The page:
Although many of us go through great efforts to fireproof our home, we rarely bring this outlook into the workplace. While there’s no replacement for a little bit of forethought and diligence, a fire at your place of business doesn’t have to mean the end of your company altogether. In fact, approximately 60 percent of all U.S.-based businesses reopen their doors after a disastrous fire. Some companies have even gone on to achieve a great amount of success and profitability after such an event.
What to Do After a Fire
Determine the Responsible Party
The first thing you should do in the wake of a fire at your business is determine the responsible party. This depends on a number of different factors, including whether you lease or own the building, the exact cause of the fire and even your specific amount of insurance coverage. Keep in mind that some insurance policies only cover the contents of the structure and not the materials used in the actual construction of the building.
Sometimes, you may need to wait until an investigation has been completed by your local fire department, police department or insurance company. If this is the case, make sure to maintain communications for further information and instructions.
Safeguard and Secure Your Remaining Property
If the fire has caused significant damage to the exterior walls, doors, windows or roof of your building, you’ll want to act quickly in order to safeguard and secure your remaining property. Smoldering remains should be fully extinguished and any large holes should be temporarily patched. Not only will this prevent vandalism after the fact, but a little bit of effort can go a long way towards minimizing the overall amount of damage caused.
Contact Anyone Who May Be Affected
Next comes the daunting task of contacting anyone who may have been affected as a result of the fire. This includes employees, board members, external partners and, in some cases, customers. If any activities or services need to be postponed or suspended, make sure to communicate that news, too. The last thing you want to do after a fire is to leave your valuable employees and business partners in the dark about the future of your company.
Furthermore, don’t forget to contact your insurance agent as soon as possible. A simple call or email will typically suffice, though large claims may require face-to-face consultation or even an on-site inspection of the damaged property.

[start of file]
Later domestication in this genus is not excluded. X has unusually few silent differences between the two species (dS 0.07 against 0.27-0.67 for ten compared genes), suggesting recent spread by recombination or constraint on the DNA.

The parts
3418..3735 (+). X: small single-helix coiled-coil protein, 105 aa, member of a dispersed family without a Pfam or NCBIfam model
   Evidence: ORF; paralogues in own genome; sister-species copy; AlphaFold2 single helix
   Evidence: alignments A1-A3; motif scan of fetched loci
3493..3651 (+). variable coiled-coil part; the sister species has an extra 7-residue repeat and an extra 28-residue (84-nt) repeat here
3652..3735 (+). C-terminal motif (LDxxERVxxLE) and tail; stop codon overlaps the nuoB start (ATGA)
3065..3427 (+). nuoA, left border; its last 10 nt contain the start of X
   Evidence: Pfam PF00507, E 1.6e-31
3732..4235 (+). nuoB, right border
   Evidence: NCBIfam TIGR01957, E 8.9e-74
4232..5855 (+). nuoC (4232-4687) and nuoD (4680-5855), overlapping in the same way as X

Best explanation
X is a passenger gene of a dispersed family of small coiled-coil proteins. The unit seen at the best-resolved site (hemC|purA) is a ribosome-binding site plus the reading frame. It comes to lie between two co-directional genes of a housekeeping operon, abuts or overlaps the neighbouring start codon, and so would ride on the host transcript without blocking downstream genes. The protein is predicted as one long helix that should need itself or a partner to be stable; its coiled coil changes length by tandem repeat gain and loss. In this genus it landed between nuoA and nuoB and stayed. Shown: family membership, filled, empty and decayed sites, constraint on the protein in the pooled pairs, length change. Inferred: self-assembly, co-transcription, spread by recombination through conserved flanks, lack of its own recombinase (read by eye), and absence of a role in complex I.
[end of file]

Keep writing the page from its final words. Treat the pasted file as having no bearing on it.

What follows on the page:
Get Your Documentation in Order
Your insurance company will require proof regarding any claimed losses as a result of the fire, so be sure to have any pertinent documentation, including receipts, user manuals and credit card statements, at the ready. You may even want to take digital pictures or video of your property. Not only can this be used in determining your overall losses, it could serve as hard evidence in case any court proceedings should follow.
Repair and Restore Damage
If the structure isn’t a total loss, you might be able to rebuild, repair and restore your business back to its original state. Extensive smoke damage, for example, can typically be cleaned up through a number of different tools so you can go on with business as usual after the restoration.
Initiate the Recovery of Sensitive or Critical Data
Depending on your exact case, you may need to take steps to recover any sensitive or critical data that was lost in the occurrence. Damaged servers, hard drives and even personal computers can all hold data critical to the day-to-day operations of your business.
If the situation warrants, you may even consider hiring a third-party that specializes in data recovery and restoration, specifically in the event of fire. Such individuals are more likely to be equipped with the right hardware and software tools than a company that offers general disaster recovery services. Most data recovery experts will also be able to work with you in order to introduce techniques in disaster recovery planning and data loss prevention.
Getting Back to Business
Once everything has been restored to order, it’s finally time to get back to business. Make sure to outline a comprehensive fire safety plan when moving forward, just in case your business experiences another fire. You might also consider increasing your insurance coverage for the future. After all, it’s better to be safe than sorry.
Republished by permission. Original here.
Fire Photo via Shutterstock